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The Faculty Merit Foundation of West Virginia on March 17, 2015 honored five finalists for the 2014 Professor of the Year Award which honors an outstanding faculty member at a West Virginia college or university. PIASA member, Lisa Di Bartolomeo, was named First Runner-up for this honor and received a cash award of $2,500.
Dr. Di Bartolemeo is the Armand E. and Mary W. Singer Professor in the Humanities and Director of Slavic and Eastern European Studies at West Virginia University in Morgantown, WV. Professor Di Bartolomeo was the first recipient of PIASA's Ambassador Kazimierz Dziewanowski Memorial Dissertation Award in 2002 for her doctoral dissertation at the University of North Carolina at Chapel Hill, "Other Visions: Krzysztof Kieslowski's 'Trzy Kolory' Trilogy."
Our warm congratulations!
PIASA expresses its deep sorrow at the passing of Cardinal Egan who was a friend to us and all people of goodwill. He will be greatly missed.
(Courtesy of Janusz Skowron)
Board meeting with the Honarable Consul of Poland's Ms Urszula Gacek
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IN MEMORIAM: BRIG. GEN. WALTER JAJKO, USAF (Ret.)
General Walter Jajko, longtime PIASA member died on October 18, 2014 in Fairfax, Virginia and was buried with full military honors at Arlington National Cemetery on February 6, 2015. He was the son of Polish immigrants from Pennsylvania. After graduating with honors from the University of Pennsylvania he enrolled at Columbia University where he earned a Master’s degree and a certificate from its East European and Russian Institutes. It was while he was a graduate student at Columbia that he learned about the existence of the Polish Institute through one of his Professors, Ludwik Krzyzanowski and volunteered his services to become editorial assistant of the Institute’s scholarly journal, “The Polish Review”. Professor Krzyzanowski was at the time the editor-in-chief of “The Polish Review”.
General Jajko had a long and distinguished military career in the US Air Force. He served in fighter, reconnaissance, bomber, airlift, special operations and intelligence units in Southeast Asia, North Africa and elsewhere. Following his retirement from active duty he served in many capacities including as Assistant to the Secretary of Defense for Intelligence Oversight. He was “one of the very rare officials to have worked at the nexus of military strategy, diplomacy, public diplomacy, strategic communications, counterpropaganda, psychological strategy and political warfare”. At the time of his death he was Professor of Defense Studies at the Institute of World Politics in Washington, DC.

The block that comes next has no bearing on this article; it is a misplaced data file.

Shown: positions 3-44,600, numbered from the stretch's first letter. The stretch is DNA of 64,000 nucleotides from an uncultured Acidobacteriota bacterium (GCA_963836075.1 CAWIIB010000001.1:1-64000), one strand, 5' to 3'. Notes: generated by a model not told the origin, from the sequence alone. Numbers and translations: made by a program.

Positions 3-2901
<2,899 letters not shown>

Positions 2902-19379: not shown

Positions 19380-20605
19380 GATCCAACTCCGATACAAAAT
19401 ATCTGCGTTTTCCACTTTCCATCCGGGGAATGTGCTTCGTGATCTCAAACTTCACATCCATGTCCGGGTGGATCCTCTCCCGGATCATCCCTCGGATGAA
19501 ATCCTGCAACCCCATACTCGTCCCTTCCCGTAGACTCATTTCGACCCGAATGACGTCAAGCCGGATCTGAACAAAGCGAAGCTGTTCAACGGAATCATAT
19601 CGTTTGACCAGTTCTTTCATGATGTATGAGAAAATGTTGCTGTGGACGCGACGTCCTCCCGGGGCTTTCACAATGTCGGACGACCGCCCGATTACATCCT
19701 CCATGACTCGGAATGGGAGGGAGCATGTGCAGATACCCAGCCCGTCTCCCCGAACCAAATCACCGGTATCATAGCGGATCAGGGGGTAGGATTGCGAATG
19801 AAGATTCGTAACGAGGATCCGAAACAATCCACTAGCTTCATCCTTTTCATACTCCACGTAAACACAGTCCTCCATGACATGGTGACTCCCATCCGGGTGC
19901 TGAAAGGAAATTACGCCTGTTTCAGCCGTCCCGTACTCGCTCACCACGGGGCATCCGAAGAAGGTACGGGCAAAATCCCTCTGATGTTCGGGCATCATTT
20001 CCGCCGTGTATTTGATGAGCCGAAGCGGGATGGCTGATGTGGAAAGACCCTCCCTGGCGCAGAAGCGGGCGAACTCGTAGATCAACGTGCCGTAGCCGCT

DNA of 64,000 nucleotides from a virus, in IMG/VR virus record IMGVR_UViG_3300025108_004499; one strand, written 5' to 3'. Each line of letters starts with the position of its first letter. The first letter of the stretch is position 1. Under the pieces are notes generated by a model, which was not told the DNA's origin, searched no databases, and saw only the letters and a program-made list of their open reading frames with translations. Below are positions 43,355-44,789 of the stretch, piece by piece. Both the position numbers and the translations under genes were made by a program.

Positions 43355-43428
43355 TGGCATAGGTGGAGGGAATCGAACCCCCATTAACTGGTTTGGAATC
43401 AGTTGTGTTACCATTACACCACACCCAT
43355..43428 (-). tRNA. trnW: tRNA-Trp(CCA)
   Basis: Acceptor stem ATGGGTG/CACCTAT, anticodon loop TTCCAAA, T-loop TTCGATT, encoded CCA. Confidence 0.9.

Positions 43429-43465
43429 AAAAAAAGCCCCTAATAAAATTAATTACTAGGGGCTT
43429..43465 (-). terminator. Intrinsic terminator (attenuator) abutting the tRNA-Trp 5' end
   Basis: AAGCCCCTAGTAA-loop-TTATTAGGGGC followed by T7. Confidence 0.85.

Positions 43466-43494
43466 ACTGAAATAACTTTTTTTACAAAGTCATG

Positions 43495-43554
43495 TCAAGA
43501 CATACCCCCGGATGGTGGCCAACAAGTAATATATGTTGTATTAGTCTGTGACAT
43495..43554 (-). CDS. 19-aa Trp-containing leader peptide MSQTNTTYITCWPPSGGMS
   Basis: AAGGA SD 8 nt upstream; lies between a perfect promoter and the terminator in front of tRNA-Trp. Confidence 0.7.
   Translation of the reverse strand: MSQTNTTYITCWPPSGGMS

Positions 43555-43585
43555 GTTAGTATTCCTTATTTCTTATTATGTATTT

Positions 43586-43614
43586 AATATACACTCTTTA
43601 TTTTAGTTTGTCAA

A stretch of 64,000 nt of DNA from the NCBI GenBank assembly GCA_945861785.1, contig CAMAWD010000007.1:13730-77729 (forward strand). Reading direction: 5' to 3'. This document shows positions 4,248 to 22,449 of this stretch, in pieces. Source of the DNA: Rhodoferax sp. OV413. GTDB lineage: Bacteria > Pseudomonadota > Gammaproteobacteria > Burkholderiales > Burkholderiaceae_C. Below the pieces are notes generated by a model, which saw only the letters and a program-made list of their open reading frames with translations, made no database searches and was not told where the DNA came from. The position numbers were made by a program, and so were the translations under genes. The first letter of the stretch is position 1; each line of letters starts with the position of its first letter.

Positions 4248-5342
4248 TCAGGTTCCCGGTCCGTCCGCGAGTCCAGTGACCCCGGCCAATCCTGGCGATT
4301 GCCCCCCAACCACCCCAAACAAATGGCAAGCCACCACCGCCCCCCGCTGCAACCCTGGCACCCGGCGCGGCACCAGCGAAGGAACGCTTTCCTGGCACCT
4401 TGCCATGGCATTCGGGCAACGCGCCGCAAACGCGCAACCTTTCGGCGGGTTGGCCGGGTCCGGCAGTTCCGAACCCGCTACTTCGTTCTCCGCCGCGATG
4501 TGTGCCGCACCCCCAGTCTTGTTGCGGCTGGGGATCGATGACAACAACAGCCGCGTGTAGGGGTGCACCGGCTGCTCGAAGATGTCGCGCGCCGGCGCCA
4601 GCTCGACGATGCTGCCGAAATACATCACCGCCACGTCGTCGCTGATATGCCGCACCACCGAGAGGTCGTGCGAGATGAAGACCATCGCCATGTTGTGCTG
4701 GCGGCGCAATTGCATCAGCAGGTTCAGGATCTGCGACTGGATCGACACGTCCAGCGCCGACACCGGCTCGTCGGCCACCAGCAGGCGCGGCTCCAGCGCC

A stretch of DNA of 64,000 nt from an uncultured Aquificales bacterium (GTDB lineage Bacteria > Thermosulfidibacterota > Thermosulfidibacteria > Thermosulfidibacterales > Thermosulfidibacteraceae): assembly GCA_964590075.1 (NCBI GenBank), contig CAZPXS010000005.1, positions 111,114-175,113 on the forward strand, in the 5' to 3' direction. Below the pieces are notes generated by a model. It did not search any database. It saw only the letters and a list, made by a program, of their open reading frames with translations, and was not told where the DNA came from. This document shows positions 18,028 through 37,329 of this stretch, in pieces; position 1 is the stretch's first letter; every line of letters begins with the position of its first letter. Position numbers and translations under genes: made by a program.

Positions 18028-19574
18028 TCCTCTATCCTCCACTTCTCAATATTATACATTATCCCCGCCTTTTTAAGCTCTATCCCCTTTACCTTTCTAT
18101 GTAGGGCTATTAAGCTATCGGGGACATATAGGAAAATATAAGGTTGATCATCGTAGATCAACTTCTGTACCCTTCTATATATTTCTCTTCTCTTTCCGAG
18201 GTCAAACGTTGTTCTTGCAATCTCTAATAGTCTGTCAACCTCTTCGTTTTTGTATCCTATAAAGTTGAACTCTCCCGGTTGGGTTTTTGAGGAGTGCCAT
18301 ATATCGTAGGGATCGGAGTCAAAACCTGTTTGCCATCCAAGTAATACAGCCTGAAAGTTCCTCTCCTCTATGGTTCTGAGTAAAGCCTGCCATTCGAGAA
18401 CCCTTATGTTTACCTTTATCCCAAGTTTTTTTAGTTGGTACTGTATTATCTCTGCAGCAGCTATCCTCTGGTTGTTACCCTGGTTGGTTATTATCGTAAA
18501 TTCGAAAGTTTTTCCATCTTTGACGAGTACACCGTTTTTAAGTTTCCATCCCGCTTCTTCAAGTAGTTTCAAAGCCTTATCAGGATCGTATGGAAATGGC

General Jajko never forgot the Polish Institute and remained its loyal, committed member. As late as June 2011, he actively participated in PIASA’s 69th Annual Meeting as a discussant in a session on” PIASA: Its Origins and Early History”.
May he rest in peace.
Dr. Thaddeus V. Gromada
Past President and Exec. Dir. PIASA
Nominations are being sought for the 2015 Casimir Funk Natural Sciences Award
The Polish Institute of Arts and Sciences of America (PIASA) Casimir Funk Natural Sciences Award identifies and honors an outstanding scientist of Polish origin (Polish born or of Polish ancestry) living and working in the United States or Canada. The nominee should have contributed in a major way to scientific research and be widely recognized. This year, the presentation of the Casimir Funk award will take place in New York, September 2015.
1. Can be made by anyone (PIASA member or not), from anywhere in the world.
2. Should include a nomination letter stating the achievements on which the nomination is based and a brief Curriculum Vitae of the nominee.